Corsica and Sardinia

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Provincia Corsica et Sardinia
Province of the Roman Empire

238 BC–455 AD
Location of Corsica and Sardinia
Province of Corsica and Sardinia within the Empire (125 AD)
Capital Carales
39°15′N 09°03′E / 39.250°N 9.050°E / 39.250; 9.050Coordinates: 39°15′N 09°03′E / 39.250°N 9.050°E / 39.250; 9.050
 •  Roman annexation 238 BC
 •  Capture by Vandals 455 AD
Today part of  France

The Province of Corsica and Sardinia (Latin: Provincia Corsica et Sardinia) was an ancient Roman province including the islands of Corsica and Sardinia.

Pre-Roman times[edit]

The Roman empire in the time of Hadrian (ruled AD 117-138), showing the senatorial province of Corsica and Sardinia, two islands in the central Mediterranean Sea

The Nuragic civilization flourished in Sardinia from 1800 to 500 BC, the ancient Sardinians, also known as Nuragics, traded with many different Mediterranean peoples during the Bronze Age and early Iron Age, especially with the Myceneans and Cypriots. Sardinians also built many coastal settlements (like Nora and Tharros) and the characteristic tower buildings the island is known for, the nuraghes. A similar civilization also developed in Southern Corsica, where several torri were built. The ancient Sardinians had reached a high level of cultural complexity, they built large federal sanctuaries, where the Nuragic communities gathered to participate in the same rituals during festivities, the Nuragic people were able to organize themselves and accomplish several complex projects, such as building refined temples, hydraulic implants such as fountains and aqueducts, and creating life sized statues despite the lack of an elite and lacking virtually any degree of social stratification [1]. Later the Phoenicians established several commercial stations in the coast of Sardinia, after the Phoenicians, the Greeks arrived and established the colonies of Alalia and Olbia. The Carthaginians (a Phoenician colony), with the help of the Etruscans, conquered the Greek colony of Alalia on Corsica in 535 BC, after Corsica, even part of Sardinia came under the control of the Carthaginians.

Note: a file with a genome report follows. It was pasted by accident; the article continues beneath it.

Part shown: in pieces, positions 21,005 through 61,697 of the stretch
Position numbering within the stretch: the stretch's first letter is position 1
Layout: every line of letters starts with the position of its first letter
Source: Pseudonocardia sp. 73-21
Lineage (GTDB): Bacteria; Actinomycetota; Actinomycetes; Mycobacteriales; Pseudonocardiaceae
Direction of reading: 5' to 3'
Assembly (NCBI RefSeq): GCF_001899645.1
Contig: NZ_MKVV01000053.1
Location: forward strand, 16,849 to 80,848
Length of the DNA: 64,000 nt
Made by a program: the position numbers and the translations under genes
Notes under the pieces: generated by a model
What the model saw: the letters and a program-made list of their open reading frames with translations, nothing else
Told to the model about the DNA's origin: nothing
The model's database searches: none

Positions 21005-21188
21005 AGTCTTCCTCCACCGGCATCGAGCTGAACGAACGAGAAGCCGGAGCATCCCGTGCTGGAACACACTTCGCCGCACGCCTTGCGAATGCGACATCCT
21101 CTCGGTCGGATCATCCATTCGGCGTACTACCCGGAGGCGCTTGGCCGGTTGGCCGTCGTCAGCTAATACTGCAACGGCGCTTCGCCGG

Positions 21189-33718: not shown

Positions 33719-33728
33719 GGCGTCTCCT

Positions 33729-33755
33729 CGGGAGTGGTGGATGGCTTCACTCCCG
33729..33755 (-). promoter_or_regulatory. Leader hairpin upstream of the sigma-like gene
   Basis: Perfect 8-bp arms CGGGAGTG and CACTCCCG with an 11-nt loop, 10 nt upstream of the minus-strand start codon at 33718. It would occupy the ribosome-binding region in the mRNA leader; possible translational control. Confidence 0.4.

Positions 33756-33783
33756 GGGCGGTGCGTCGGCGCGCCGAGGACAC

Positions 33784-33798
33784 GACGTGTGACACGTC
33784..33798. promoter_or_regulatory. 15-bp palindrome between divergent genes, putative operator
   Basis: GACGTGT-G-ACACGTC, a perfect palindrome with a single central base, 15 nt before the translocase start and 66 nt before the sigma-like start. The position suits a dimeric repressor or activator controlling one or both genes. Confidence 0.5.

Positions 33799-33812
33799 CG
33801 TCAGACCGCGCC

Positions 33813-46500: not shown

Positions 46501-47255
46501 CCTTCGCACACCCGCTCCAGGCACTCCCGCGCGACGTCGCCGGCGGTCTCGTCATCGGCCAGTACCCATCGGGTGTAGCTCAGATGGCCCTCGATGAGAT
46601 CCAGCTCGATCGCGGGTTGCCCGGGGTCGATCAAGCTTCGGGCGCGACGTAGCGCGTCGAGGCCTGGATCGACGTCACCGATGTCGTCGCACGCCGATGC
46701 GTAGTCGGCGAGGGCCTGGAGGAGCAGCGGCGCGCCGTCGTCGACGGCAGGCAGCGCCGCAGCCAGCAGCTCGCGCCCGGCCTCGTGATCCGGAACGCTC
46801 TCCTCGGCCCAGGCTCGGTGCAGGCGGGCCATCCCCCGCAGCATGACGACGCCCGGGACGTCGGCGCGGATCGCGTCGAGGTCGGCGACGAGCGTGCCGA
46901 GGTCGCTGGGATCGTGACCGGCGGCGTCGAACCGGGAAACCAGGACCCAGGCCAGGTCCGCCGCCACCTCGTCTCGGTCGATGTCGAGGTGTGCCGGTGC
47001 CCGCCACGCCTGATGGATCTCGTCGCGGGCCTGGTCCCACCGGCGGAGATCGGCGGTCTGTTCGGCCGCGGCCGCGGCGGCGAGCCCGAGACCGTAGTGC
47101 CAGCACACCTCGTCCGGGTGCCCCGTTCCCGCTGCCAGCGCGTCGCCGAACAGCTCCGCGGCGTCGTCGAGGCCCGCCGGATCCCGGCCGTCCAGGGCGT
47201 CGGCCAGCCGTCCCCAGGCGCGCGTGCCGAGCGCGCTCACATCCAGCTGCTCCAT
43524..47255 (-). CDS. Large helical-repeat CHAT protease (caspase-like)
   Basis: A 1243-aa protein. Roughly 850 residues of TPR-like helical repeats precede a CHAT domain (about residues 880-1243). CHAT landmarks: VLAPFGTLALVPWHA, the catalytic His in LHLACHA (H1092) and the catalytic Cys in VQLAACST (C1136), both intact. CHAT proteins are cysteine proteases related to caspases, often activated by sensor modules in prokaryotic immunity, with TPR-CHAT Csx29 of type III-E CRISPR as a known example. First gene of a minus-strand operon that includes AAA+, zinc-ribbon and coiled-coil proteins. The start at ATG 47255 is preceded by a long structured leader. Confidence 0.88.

Obtaining the province[edit]

Even though Rome had drawn up an earlier treaty with Carthage following the First Punic War, a complete disregard to this agreement led them to forcibly annex Corsica and Sardinia during the Mercenary War;[2] in 238 BC, the Carthaginians, accepting defeat in the First Punic War, surrendered Corsica and Sardinia, which together became a province of Rome.[3] This marked the beginning of Roman domination in the Western Mediterranean, the Romans ruled this area for 694 years.

Roman opinion of the province[edit]